At the Vet’s Office

Diagnosis of colitis can be determined by simple X-ray test, but, it is necessary to determine the underlying cause of the infection. Colitis, per se, is just an inflammation of the bowel, but the most usual reason is Clostridium difficile.

Laboratory tests such as bacterial culture or fecal culture (stool sample culture) can determine if the toxins produced by C. difficile are present because only their isolation is the formal diagnosis of colitis caused by C. difficile. PCR or ELISA is the standard diagnostic tests that are used for attestation of C. difficile.

Treatment of Clostridum difficile depends on the underlying cause. If colitis is caused by antibiotics which are still being applied, their admission should be discontinued immediately. The most effective antibiotic to combat C. difficile is metronidazole. A veterinarian may recommend diet as well.

Fecal Transplant in Dogs 

Fecal transplantation has also been considered as part of treatment for clostridium in dogs. Fecal transplant is a process in which stools (or feces) are collected from healthy, tested donors and placed into the recipient by different techniques that differ according to the health problem in question. This process has become a very effective method for solving chronic digestive and some other health problems in the human medicine realm.

In accordance with the success of the procedure in humans, cutting-edge pioneers tried this therapy in dogs and cats, and our furry friends are quite more acceptable of the idea of poop transplantation. Fecal transplantation is nothing more than basically “re-population” of digestive microorganisms.

Fecal transplantation in dogs is a highly experimental process. It is used for numerous cases of gastrointestinal problems, behavioral issues (like coprophagia-poop eating) and different skin conditions.

Although the number of cases is still too small, statistically speaking, reported success rate varies from 90-98%.

Did you know? Dogs can be trained to detect Clostridium difficile for hospitals. More than a half of CDI cases are hospital-acquired (right number is nearly 64%). Normal methods for detecting C.difficile bacteria are not wide enough or cost too much, so Canada first started a program for C. difficile sniffing dogs that could save up to 15.000 lives per year. Dogs will be trained to spot specific C. difficile toxin-smell (“barn-like” smell) on surfaces (not on live patients). As for the dogs, the risks are the same as those of any other working dog.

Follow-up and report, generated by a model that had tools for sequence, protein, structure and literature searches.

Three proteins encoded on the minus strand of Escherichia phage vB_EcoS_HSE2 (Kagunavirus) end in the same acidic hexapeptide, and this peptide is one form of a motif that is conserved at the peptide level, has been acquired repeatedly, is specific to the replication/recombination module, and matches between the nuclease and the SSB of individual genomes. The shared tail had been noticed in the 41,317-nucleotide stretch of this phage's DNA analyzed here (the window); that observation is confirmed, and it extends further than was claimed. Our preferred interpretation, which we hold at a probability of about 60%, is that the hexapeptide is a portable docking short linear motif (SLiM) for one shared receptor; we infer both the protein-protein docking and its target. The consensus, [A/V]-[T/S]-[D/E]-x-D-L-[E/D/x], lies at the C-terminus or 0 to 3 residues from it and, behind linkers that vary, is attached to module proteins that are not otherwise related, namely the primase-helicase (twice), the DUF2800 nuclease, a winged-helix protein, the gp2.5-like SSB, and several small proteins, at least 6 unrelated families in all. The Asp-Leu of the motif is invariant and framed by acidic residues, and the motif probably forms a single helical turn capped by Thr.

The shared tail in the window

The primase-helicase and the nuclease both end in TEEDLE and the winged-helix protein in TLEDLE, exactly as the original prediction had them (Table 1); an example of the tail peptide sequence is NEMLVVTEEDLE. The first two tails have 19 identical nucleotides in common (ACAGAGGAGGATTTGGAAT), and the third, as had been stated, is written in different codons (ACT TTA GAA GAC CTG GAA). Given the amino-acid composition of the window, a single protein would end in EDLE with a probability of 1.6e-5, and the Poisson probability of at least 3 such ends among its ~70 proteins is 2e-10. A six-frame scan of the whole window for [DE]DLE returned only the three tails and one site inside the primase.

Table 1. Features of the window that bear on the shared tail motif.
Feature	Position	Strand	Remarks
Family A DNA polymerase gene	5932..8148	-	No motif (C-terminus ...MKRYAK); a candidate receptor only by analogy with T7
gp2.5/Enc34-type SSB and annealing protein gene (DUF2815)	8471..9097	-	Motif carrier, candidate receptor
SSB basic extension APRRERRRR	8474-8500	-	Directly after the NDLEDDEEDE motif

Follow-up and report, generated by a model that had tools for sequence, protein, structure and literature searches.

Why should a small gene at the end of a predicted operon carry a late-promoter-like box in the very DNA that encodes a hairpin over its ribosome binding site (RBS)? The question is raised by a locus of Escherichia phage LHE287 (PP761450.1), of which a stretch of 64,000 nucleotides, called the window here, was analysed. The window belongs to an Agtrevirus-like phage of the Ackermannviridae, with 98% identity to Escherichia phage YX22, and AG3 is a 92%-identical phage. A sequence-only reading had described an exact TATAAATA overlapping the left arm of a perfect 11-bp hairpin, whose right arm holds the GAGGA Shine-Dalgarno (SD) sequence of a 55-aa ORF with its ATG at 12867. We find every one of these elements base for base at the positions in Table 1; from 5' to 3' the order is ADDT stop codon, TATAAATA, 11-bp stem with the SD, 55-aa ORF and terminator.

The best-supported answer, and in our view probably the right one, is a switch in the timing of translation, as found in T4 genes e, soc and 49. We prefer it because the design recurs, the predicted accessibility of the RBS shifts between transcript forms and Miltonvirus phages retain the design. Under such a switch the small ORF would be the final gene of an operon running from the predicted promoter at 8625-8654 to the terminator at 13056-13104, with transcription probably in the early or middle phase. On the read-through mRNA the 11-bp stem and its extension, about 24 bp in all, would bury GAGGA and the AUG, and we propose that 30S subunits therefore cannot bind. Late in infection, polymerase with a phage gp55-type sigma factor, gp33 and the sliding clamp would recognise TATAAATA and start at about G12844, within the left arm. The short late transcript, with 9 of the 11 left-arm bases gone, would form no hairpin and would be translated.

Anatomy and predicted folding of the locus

About the Author

DVM Ivana Vukasinovic is a veterinarian in Belgrade, capital city of Serbia.

She received her B.S from University of Belgrade in 2012, and her master’s degree from Veterinary University, Belgrade.

Before eventually becoming director of  Vetanima Doo, company that sells animal food, medicine and supplements, she have worked in many different fields of sales.

After finishing college, she started working as sales person in biggest Serbian bookshop chain, and being passionate about books, she had reached the position of publisher.

After leaving this field, she started working as a veterinary commercialist, and then landing a job as veterinarian at veterinary pharmacy, in the same company in which she is now acting as director.

When she is not working, she is either glued to some fantasy book or cooking for friends. She currently resides in Belgrade with her cat Mile.